JOLIET – Joliet Junior College officials are planning to redouble efforts to boost student enrollment with a new strategic plan and more marketing initiatives.
At Tuesday’s workshop meeting, trustees were given updates on the college’s enrollment and marketing initiatives.
In light of precarious state funding and enrollment declining from peak years after the Great Recession, college officials have been focused on trying to increase the number of students at the college. Tuition, state funding and property taxes are the three major revenue sources for JJC.
For this school year, $296,500 was requested for marketing to attract students to JJC, according to college’s budget.
The current spring semester continued to show declines in enrollment. The full-time equivalent enrollment is at 7,800 students and the total headcount is at 14,453 students, both about an 18 percent decrease from 2013.
The college’s peak enrollment years were between 2009 and 2013, which was likely because of the Great Recession and people coming to JJC after losing work, said Joseph Offermann, JJC Office of Institutional Research and Effectiveness director.
“We’re still coming off those high enrollment years and that’s kind of what we’re seeing. We’re starting to level off, hopefully,” he said.
JJC officials began the strategic enrollment management – or SEM – plan in 2014 that focused on data targets such as enrollment, persistence, retention and completion.
Yolanda Isaacs, JJC student development vice president, said the college achieved three out of four of its data targets and will begin a new plan called Momentum 2020 that is focused on more defined pathways for students.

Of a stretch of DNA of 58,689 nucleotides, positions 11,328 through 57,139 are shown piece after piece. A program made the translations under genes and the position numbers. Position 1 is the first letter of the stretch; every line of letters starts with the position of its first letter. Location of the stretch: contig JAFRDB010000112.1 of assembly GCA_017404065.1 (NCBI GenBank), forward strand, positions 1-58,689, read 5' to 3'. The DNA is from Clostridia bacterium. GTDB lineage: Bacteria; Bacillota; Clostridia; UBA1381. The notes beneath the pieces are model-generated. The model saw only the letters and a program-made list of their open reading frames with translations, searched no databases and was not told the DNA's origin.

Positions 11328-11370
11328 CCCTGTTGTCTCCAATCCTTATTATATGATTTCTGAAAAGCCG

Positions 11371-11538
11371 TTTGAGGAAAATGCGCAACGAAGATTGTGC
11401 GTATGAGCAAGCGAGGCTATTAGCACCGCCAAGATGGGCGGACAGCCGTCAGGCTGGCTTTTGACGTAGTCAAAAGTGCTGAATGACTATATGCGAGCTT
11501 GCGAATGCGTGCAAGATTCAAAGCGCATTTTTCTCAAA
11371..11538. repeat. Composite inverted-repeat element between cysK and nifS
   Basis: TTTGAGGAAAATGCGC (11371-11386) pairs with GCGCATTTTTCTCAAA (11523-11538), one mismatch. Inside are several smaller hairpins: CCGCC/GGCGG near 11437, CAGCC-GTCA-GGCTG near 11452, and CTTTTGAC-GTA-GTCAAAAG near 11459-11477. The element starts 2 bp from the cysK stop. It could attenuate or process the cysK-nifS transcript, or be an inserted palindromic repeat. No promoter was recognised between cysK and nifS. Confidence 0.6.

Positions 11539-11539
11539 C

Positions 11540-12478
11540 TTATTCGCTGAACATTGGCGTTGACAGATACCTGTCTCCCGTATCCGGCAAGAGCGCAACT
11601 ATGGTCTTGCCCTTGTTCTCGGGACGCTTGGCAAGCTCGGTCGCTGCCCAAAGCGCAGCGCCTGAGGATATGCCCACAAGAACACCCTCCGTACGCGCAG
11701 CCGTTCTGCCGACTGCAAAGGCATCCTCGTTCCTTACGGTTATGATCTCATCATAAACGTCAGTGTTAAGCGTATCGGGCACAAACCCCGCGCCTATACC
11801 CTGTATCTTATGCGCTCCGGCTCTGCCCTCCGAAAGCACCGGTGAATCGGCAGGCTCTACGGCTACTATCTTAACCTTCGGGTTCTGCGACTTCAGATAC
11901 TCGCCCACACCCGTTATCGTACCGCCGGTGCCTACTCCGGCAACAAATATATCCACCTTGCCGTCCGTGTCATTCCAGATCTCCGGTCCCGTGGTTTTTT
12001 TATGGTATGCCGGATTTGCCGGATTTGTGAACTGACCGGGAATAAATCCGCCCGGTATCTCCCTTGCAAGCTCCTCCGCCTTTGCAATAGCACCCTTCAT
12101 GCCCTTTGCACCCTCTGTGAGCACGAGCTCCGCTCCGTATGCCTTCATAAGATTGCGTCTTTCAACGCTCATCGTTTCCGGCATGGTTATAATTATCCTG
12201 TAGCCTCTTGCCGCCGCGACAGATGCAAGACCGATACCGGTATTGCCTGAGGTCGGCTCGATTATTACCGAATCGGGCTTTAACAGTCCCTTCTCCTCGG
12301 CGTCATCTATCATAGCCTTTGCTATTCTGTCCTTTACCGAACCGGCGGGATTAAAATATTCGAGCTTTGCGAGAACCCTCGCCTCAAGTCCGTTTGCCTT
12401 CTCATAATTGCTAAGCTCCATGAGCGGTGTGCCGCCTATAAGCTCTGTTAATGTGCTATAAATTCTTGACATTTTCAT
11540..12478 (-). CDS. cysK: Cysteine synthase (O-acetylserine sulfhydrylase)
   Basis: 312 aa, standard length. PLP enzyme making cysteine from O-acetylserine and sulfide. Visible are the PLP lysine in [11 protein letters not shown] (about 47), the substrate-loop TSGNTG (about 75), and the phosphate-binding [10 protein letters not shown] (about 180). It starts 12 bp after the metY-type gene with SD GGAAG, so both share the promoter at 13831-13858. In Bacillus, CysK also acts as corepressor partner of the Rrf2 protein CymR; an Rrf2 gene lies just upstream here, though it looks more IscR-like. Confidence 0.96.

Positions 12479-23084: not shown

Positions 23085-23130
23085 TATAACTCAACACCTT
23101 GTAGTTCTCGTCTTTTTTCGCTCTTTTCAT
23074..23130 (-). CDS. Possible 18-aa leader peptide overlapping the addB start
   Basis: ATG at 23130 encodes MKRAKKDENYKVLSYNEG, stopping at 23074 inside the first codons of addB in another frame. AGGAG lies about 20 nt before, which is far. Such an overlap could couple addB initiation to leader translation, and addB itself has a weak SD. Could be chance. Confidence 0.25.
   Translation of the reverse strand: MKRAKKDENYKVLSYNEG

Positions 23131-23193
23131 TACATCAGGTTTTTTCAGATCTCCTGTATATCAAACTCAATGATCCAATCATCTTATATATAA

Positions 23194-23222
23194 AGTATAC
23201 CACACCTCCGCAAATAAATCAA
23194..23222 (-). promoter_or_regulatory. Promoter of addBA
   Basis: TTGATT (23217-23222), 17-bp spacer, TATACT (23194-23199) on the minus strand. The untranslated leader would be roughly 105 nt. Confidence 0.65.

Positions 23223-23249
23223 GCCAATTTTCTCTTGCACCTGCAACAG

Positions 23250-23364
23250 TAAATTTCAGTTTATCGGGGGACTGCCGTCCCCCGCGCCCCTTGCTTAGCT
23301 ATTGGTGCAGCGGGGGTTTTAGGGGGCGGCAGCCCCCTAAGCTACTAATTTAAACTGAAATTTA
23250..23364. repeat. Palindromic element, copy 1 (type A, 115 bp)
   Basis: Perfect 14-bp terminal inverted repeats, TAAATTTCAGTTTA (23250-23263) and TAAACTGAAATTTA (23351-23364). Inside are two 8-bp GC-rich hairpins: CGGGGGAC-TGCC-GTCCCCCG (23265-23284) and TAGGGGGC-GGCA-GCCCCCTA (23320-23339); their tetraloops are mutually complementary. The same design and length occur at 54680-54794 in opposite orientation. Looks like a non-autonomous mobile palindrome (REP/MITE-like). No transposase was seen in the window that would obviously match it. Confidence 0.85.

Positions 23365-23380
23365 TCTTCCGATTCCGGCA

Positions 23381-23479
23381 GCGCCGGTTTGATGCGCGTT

Since the SEM plan was launched, the number of students who were new to the college increased by 31 percent, said Mike Hernandez, the college’s marketing and creative services director.
Hernandez said the additional funding for marketing was used to produce TV and digital commercials, registration guide postcard reminders, radio spots, Google Adword campaigns, church bulletin advertising and other initiatives.
Board Trustee Alicia Morales recommended more “in person” marketing and working with community-based organizations and local churches.
“I know everyone’s on social media but we still need to keep the personal connection strong,” she said.
In response to question about high school counselor outreach, Isaacs said JJC has a strong partnerships with counselors in all of the schools that are in the college’s 525 District. She said twice a year counselors are invited to campus to talk about the college.
“Are we scaling up those efforts? Absolutely,” she said.
via Morris Herald-News http://ift.tt/1e0V0Xs
April 25, 2017 at 04:02PM